One of the key motivations behind the establishment of VANSA was for the organisation to act as a voice for the sector, consulting with people working in the visual arts on the big issues that affect them, and lobbying government and the corporate sector on how they might help. This can be a tough task in a sector built around the creative work of individuals. Nevertheless, we remain committed to finding smart ways to identify, understand and tackle the issues that matter. Without just producing a loud noise...
We are currently undertaking research in a number of areas where we think that there may be potential to constructively engage with government, including copyright collection, artist resale rights, incentives and schemes for the provision of low cost studio and work space space and international representation at contemporary art fairs and the like. See our Research page for more info.
We actively lobby government directly in relation to issues that are visual arts specific, and work with the South African chapter of the Arterial Network - a continental network of creative practitioners, researchers, organisations and businesses active in the cultural and creative industries - to lobby government around issues that cut across the different art forms.
The following represents VANSA's formal submission to the Department of Arts and Culture on the recommendations from the 2010 HSRC report on the visual arts, and the proposed process and terms of reference around the establishment of a Visual Arts Task Team by the department.
In spite of a variety of problems associated with the timing of the event and the securing of appropriate representation from across the country, the Visual Arts Indaba convened by the national Department of Arts and Culture (DAC) last Thursday and Friday proved to be a stimulating and largely positive event.
The Department of Trade and Industry (dti) has published a Lotteries Policy Review document for public comment. The Lottery is the largest single grantmaking body for the arts, culture and heritage in South Africa and we believe it has a key role to play in helping to sustain the social and economic contributions of a thriving independent arts sector.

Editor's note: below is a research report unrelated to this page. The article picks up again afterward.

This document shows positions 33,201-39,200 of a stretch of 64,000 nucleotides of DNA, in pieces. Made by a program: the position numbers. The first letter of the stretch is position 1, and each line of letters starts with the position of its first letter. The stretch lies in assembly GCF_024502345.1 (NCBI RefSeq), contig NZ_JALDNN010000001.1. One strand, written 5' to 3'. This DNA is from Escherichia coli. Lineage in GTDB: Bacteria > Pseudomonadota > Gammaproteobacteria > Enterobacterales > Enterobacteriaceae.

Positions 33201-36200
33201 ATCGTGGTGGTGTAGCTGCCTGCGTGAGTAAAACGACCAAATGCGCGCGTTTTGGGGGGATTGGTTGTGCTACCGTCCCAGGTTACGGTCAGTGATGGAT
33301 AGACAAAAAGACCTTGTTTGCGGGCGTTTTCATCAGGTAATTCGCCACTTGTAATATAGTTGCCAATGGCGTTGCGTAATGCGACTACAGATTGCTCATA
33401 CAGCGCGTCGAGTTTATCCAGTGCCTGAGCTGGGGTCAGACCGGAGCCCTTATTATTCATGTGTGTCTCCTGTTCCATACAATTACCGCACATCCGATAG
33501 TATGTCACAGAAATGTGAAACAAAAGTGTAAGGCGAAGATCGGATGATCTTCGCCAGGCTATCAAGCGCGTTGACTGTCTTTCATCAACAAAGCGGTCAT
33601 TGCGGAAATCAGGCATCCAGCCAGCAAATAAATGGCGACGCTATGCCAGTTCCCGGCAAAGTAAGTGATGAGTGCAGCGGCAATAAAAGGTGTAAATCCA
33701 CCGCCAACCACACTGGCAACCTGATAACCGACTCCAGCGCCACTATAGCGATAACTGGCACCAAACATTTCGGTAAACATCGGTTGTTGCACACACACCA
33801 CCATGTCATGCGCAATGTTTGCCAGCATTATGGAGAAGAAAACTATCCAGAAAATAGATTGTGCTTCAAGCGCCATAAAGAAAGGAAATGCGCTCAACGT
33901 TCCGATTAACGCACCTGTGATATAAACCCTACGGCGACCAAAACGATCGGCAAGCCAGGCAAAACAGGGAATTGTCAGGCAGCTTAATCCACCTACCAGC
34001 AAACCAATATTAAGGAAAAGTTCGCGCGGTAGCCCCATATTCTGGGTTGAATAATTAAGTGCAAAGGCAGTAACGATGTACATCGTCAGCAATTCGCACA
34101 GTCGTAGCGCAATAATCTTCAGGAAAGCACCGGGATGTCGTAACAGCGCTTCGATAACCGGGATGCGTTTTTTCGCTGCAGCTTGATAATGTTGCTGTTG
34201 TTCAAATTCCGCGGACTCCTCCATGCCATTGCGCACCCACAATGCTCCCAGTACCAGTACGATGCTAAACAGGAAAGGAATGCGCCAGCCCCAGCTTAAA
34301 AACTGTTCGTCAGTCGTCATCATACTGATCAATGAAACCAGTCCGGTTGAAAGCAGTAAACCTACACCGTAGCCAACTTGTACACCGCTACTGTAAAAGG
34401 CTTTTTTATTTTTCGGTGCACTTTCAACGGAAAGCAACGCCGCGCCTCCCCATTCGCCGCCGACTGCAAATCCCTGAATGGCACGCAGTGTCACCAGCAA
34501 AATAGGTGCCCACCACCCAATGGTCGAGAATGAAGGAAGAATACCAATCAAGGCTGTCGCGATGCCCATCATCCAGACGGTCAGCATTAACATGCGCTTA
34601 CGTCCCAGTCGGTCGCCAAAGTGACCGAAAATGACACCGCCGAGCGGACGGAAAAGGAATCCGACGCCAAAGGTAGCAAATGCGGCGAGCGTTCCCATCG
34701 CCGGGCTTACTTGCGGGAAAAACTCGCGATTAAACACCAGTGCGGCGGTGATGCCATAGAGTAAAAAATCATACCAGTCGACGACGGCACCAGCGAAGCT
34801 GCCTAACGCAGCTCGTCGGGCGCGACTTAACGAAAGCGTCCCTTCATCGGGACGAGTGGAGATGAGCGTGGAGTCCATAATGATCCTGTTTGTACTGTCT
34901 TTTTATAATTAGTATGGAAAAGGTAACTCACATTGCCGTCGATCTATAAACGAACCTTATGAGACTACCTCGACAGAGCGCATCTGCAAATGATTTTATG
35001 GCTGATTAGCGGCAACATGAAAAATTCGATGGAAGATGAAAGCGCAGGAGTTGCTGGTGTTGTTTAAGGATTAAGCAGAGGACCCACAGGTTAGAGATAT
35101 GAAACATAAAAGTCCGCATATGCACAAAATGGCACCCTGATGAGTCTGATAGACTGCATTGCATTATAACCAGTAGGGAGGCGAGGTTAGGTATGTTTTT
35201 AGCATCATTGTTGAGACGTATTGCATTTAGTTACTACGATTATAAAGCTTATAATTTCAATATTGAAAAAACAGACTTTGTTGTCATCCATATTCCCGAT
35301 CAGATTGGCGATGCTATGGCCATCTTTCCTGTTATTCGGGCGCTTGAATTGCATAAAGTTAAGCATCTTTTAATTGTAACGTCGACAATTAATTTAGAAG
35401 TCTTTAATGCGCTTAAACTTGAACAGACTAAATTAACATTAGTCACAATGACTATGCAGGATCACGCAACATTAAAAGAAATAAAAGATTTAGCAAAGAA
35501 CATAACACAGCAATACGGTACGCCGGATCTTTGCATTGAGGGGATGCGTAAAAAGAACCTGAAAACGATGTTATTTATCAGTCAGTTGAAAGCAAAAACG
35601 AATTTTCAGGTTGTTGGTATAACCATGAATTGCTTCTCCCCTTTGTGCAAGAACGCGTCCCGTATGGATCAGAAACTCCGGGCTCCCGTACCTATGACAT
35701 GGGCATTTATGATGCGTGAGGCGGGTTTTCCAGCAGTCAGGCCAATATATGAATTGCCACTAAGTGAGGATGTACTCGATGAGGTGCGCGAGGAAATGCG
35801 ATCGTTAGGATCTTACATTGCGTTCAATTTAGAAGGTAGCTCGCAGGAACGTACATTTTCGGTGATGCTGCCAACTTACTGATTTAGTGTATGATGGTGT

Artists and cultural practitioners have responded to the painting and the response to it in a diverse manner. The controversy this has given rise to has sparked discussion on numerous issues fundamental to the production of art, the representation of blackness and our legal and constitutional framework. Join us in discussion as part of a process of taking the debate forward in the hope of building some consensus on the role of progressive art and artists in South Africa.
VANSA is collaborating with Arterial Network South Africa to encourage a strong and coherent sector response to the National Lottery Board's recent call for input on the priorities for Lottery funding. Please do take a few minutes to go through this post and make a submission - please make sure that you use the NLB's return slip format (follow the link below); it's quick and easy. If you're an arts organisation - whether eligible for Lottery funding or not - please make a submission!
In order to be more responsive to your needs and interests, we need to know what you think about what VANSA does, and your views on being a member of the organisation. The survey is entirely anonymous, and should not take more than five minutes of your time.
The following statement on the current position of the National Lottery Distribution Trust Fund has been prepared for submission to the National Lotteries Board (NLB) and the Minister of Trade and Industry in the context of the upcoming National Consultative Conference on the NLDTF convened by the NLB, on the 20th and 21st of June at Gallagher Estate, Midrand, Gauteng.
South Africa Lottery, an Open Letter by Ralph Freese: "I am deeply concerned – or more accurately, sick, tired and angry – about the failure of the National Lotteries Distribution Trust Fund (NLDTF) and the National Lotteries Board (NLB) to live up to their mandate."
The Visual Arts Network of South Africa (VANSA) notes with some concern the unfolding controversy relating to the representation of South Africa at the Venice Biennale.